The time you spend at a sport venue has to be the most awesome experience each time you are there, whether you are a season ticket holder with courtside seats or a first-timer in the nosebleed section.
“Continuous engagement,” which spans beyond a season’s beginning and end, is something we talk about when designing the fan experience in any sport, but we naturally give more attention to game-day activities that surround the main event because that’s where almost all of in-person interaction with the fan takes place.
A fan’s journey includes fixed and variable elements. We can manage some of them, but not all. The fan experience is not one-size-fits-all. What works perfectly in one sport or region may not necessarily work as well in another.
Sports and entertainment organizations invest a lot of time and resources in the design of fan experience, and data is a key ingredient for gaining better and deeper insight, especially into understanding how fans relate or consume the experience. However, with disconnected and fragmented data points, we will be missing critical slices and can’t paint a complete picture of the end-to-end fan journey.
The formula for the fan experience in its simplest form consists of FAN + EXPERIENCE, as I covered in a previous post. Elements that shape their experience and influence our design include:
- Pace of the game: Is the tempo fast like soccer and ice hockey or slow like baseball and cricket? How limited are the opportunities to engage with the fan during the game?
- Duration: How long is the game? Does it happen on a single day or over couple of days like golf?
- Season: How long is the season? What other major non-sporting events do we compete against?
- Intermission: How many intermissions are there during a regular game? How long are they?
- Pre- and post-game activities: Are there opportunities to engage the fan before the game starts? What is the best time to do it?
- Noise level: What is the noise level? Is it part of the game? Do we encourage the fan to cheer during the game? Or do we require absolute silence, as we do in golf and tennis?
- Mobile devices: Are they allowed? If so, what role does free Wi-Fi play at the venue?
- Time of the game: What time of the day is the game played? Is the time slot fixed (day vs. evening) or does it change from game to game? Does it take place all day like golf or tennis?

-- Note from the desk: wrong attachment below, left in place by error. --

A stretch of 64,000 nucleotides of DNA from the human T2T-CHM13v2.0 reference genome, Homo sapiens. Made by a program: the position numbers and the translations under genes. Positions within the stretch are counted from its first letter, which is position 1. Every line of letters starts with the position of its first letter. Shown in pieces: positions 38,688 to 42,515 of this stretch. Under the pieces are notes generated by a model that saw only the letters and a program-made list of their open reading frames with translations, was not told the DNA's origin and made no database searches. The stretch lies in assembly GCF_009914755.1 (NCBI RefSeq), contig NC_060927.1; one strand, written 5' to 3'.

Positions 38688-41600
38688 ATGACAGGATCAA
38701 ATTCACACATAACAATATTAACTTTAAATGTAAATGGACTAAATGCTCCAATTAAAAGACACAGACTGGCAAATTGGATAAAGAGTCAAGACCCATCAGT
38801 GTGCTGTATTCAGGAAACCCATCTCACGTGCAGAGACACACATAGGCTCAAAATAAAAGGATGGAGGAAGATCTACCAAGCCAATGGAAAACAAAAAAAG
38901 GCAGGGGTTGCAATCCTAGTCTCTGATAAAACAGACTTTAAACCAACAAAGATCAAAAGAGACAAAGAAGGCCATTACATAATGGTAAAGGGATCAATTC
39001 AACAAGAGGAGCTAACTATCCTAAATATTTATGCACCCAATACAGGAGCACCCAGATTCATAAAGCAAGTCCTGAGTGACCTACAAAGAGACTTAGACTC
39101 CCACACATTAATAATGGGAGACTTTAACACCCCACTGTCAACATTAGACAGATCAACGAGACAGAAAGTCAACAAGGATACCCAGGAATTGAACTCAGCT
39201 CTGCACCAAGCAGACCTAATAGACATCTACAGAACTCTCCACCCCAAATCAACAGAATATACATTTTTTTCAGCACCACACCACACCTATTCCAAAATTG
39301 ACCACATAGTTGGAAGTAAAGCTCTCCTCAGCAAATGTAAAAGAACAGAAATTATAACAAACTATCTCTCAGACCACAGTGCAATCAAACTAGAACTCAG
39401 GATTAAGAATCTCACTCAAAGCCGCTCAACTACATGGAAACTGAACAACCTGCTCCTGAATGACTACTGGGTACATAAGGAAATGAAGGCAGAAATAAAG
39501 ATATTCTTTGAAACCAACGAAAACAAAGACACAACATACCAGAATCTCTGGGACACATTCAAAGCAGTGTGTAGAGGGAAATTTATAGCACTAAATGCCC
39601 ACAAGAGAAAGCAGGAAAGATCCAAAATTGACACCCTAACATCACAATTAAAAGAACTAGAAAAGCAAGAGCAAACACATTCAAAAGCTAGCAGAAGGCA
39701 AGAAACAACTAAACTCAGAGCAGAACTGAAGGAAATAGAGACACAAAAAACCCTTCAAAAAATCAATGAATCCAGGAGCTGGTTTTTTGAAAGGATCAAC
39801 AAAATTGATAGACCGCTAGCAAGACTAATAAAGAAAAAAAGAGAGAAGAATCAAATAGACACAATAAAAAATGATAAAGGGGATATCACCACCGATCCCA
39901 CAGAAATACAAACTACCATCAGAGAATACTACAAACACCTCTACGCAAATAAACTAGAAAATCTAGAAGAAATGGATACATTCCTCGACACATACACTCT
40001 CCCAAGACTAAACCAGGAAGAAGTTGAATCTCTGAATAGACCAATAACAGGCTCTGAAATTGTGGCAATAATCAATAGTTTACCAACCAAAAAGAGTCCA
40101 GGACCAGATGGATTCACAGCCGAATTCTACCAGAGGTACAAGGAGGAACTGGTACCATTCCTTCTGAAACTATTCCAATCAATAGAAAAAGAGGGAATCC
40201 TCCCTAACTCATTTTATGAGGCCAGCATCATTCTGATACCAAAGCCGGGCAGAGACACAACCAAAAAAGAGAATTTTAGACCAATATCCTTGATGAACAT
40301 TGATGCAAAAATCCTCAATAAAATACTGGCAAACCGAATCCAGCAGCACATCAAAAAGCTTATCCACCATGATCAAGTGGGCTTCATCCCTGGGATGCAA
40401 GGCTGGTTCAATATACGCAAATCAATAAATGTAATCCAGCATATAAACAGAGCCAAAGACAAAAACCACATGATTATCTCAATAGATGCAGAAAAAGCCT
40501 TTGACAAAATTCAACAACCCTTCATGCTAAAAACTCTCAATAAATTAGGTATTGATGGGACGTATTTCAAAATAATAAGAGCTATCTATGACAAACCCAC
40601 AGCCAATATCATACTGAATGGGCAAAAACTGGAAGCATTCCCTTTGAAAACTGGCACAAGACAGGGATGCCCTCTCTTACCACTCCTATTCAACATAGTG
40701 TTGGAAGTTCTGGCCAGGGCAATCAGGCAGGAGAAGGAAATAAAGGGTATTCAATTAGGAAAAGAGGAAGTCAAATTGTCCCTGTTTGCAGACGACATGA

- Outdoors vs. indoors: Does the event take place inside or outside? How much of the seating is covered or protected? Think about the role of weather, not only during the game, but in some cases before the game.
- Venue: What is the age and seating capacity of the venue? Where is it located? Is it in the city or outside the city? What other entertainment options do we compete against? Are there opportunities to improve options for transportation, traffic, parking, etc.?
- Ticket: What does your ticket get you? A reserved seat (basketball, football, etc.) or access to the event (golf)?
- Team vs. Individual: Is it a team sport, individual players (golf, tennis), or hybrid (Ryder Cup)?
Many of these examples may appear to be obvious, requiring no further discussion. But combining all of them into a single smart design requires integration of technology and demands additional considerations.
Understanding the design elements that influence our strategy is important for two main reasons. First, these elements shape our approach and help us identify the right opportunities for investment in areas where we can deliver the most value to the fan as well as to the sport organization. Second, they dictate the different data points available or required in order to collect measurable feedback and to drive actionable insight through analytics.
Measurable feedback and reliable insight based on solid data points are crucial. We want to leverage data to support conclusions, not assumptions that support the data.
An engaged fan connects with the league, team or player on multiple levels. Each interaction can improve existing connections or generate new opportunities for further engagement. Data generated from these interactions creates the necessary raw material for designing and improving the fan experience. Integrated data and analytics platforms help to study these enriched and integrated data sets. Actionable insight gained through these platforms enable the foundation for faster, better-informed decisions.
And the right technology solutions make it possible.
By Kaan Turnali, EPM Channel Contributor, from: http://www.forbes.com/sites/sap/2014/05/04/the-fan-experience-matters-design-elements/
As Global Senior Director, Business Intelligence (BI), for SAP’s Global Customer Operations (GCO) Reporting & Analytics Platform, Kaan Turnali is responsible for the development, oversight, and execution of strategy for the BI platform across GCO’s worldwide user base. Prior to joining SAP in 2006, he worked as a senior BI consultant specializing in strategy, design, and development of enterprise BI solutions for SMEs and Fortune 500 companies. His background and experience in the integration of business and technology span over two decades. He is also an adjunct professor, teaching BI in the doctor of business administration program at Wilmington University. See Kaan’s articles on EPM Channel here.